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Books with information on Collins Rowe Hakes
The book "Mormon Settlement in Arizona" by JAMES H. McCLINTOCK, is not a mormon. He tells of the Settlement of Arizona and the influence the Mormons had. He wrote, "By no means has the work been compiled with desire to make it especially acceptable to the people of whom it particularly treats--save insomuch as it shall cover truthfully their migrations and their work of development." Page 9 "The Author would ask earliest appreciation by the reader that this work on "Mormon Settlement in Arizona" has been written by one entirely
outside that faith and that, in no way, has it to do with the doctrines of a sect set aside as distinct and peculiar to itself, though it claims fellowship with any denomination that follows the teachings of the
Nazarene." He tells of the hardships of the Mormon Battalion. I enjoyed reading this book. The author mentions my ggrandfather Collins Rowe Hakes, below are the pages he is mentioned.
MORMON SETTLEMENT IN ARIZONA
A RECORD OF PEACEFUL CONQUEST OF THE DESERT
written by JAMES H. McCLINTOCK
ARIZONA HISTORIAN 1921
information copied from www.familytreelegends.com January 28, 2006
Page 60 of 351
"The Author has been fortunate in securing personal testimony from a
member of this migration, Collins R. Hakes, who later was President of
the Maricopa Stake at Mesa, and, later, head of the Bluewater settlement
in New Mexico. The hegira was led by Amasa M. Lyman and Chas. C. Rich,
prominent Mormon pioneers."
Other pages Collins R. Hakes was mentioned are:
, authors above statement
, Forced From the Southland ..details from Mr. Hanks
..."Mr. Hakes gave additional details. On September 11, 1857,
occurred the Mountain Meadows massacre in the southwest corner of Utah.
This outrage, by a band of outlaws, emphatically discountenanced by the
Church authorities and repugnant to Church doctrines, which denounce
useless shedding of blood, was promptly charged, on the Pacific and,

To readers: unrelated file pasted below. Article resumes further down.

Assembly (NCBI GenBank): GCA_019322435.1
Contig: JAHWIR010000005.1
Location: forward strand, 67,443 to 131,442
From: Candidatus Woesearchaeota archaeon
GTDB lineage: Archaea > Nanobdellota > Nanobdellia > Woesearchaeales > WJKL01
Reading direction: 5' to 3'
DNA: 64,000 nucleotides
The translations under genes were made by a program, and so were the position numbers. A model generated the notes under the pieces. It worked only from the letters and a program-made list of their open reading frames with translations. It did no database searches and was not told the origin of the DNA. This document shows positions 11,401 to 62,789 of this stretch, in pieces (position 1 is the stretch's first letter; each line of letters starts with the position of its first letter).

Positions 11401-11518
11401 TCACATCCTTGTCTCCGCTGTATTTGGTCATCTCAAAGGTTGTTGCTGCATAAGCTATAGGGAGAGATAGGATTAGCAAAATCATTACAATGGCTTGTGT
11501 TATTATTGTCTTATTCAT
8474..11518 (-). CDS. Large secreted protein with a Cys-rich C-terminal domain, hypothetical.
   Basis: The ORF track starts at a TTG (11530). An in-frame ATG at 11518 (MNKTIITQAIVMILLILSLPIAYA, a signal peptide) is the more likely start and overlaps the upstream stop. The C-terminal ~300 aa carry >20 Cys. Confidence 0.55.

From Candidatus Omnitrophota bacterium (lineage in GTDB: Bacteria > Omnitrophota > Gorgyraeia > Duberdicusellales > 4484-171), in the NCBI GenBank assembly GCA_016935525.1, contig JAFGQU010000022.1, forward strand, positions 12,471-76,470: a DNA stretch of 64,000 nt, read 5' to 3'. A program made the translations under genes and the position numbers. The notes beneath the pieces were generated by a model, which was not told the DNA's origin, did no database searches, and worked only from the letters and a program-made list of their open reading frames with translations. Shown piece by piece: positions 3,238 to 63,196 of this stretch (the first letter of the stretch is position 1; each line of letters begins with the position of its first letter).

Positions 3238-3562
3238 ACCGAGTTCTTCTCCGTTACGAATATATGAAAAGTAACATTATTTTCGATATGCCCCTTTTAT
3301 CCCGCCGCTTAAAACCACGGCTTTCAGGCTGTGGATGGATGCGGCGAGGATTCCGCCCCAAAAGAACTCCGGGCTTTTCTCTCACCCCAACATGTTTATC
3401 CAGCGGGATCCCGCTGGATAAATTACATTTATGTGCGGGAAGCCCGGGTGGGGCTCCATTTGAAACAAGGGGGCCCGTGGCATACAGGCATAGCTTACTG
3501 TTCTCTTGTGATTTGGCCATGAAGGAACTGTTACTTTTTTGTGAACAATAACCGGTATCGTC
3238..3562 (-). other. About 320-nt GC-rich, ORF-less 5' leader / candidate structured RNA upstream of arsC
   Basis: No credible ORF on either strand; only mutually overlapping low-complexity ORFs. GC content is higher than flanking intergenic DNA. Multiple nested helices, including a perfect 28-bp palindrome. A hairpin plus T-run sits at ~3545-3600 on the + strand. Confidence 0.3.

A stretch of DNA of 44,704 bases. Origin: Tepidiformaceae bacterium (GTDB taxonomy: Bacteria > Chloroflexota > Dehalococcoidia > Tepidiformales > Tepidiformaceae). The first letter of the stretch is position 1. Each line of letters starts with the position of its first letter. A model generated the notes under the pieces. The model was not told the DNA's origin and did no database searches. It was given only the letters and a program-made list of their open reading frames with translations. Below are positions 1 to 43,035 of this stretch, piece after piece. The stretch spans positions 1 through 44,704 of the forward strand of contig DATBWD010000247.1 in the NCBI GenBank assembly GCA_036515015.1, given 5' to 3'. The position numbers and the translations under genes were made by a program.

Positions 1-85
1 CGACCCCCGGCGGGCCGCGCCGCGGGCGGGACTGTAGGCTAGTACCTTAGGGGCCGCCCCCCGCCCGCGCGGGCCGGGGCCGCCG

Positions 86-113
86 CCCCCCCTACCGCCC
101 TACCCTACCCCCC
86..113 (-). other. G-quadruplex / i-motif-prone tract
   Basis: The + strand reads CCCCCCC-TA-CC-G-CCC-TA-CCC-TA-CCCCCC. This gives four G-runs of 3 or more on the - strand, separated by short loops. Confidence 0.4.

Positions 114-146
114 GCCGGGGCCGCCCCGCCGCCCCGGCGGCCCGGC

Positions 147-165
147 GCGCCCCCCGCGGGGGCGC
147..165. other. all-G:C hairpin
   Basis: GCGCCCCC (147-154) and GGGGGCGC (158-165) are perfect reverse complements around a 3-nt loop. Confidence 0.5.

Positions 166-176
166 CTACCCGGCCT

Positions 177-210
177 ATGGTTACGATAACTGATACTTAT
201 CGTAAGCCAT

indeed, all over the Union, as something for which the Mormon
organization itself was responsible. So it happened that, in December,
1857, J. Riley Morse, of the colony, rode southward post haste from
Sacramento with the news that 200 mountain vigilantes were on their way
to run the Mormons out of California. Not wishing to fight and not
wishing to subject their families to abuse, about 400 of the San
Bernardino settlers, within a few weeks, started for southern Utah,
leaving only about twenty families. The news of this departure went to
the Californians and they returned to their homes without completing
their projected purpose. Many Church and coast references tell of the
"recall" of the San Bernardino settlers, but Hakes' story appears ample
in furnishing a reason for the departure."
Note from webmaster.. J. Riley Morse is the brother of Collins Hakes's wife Mabel Ann Morse.
, "...Bluewater, near the Santa Fe railroad, about thirty miles northeast of
Ramah, is a Church outpost, established in 1894 by Ernst A. Trietjen and
Friehoff G. Nielson from Ramah. For a while, from 1905, it was the home
of C.R. Hakes, former president of the Maricopa Stake."
, Organization of the Maricopa Stake .."Robson
December 4, 1887, succeeded to the presidency, with H.C. Rogers and
Collins R. Hakes as counselors"
, Has an illustration with Collins R. Hakes.
..."May 10, 1894, Collins R. Hakes (of the San Bernardino colony) succeeded
to the presidency of Maricopa Stake, with Henry C. Rogers and Jas. F.
Johnson as counselors. At that time were five organized wards, with 2446
souls, including 1219 Indians in the Papago ward, and to the southward
toward Mexico. Mesa then was credited with 648 people of the faith, Lehi
200, Alma 282 and Nephi 104.
In 1905, President Hakes transferred his activities to the development of
a new colony of his people at Bluewater, N.M., near Fort Wingate. His
death was in Mesa, August 27, 1916. "
Page 330, ..."1894--Feb. 24, C.I. Robson died at Mesa; May 10, C.R. Hakes president of
Page 339, on index under H ..."Hakes, Collins R.--At San Bernardino, President Maricopa Stake, at Bluewater, death, photo. "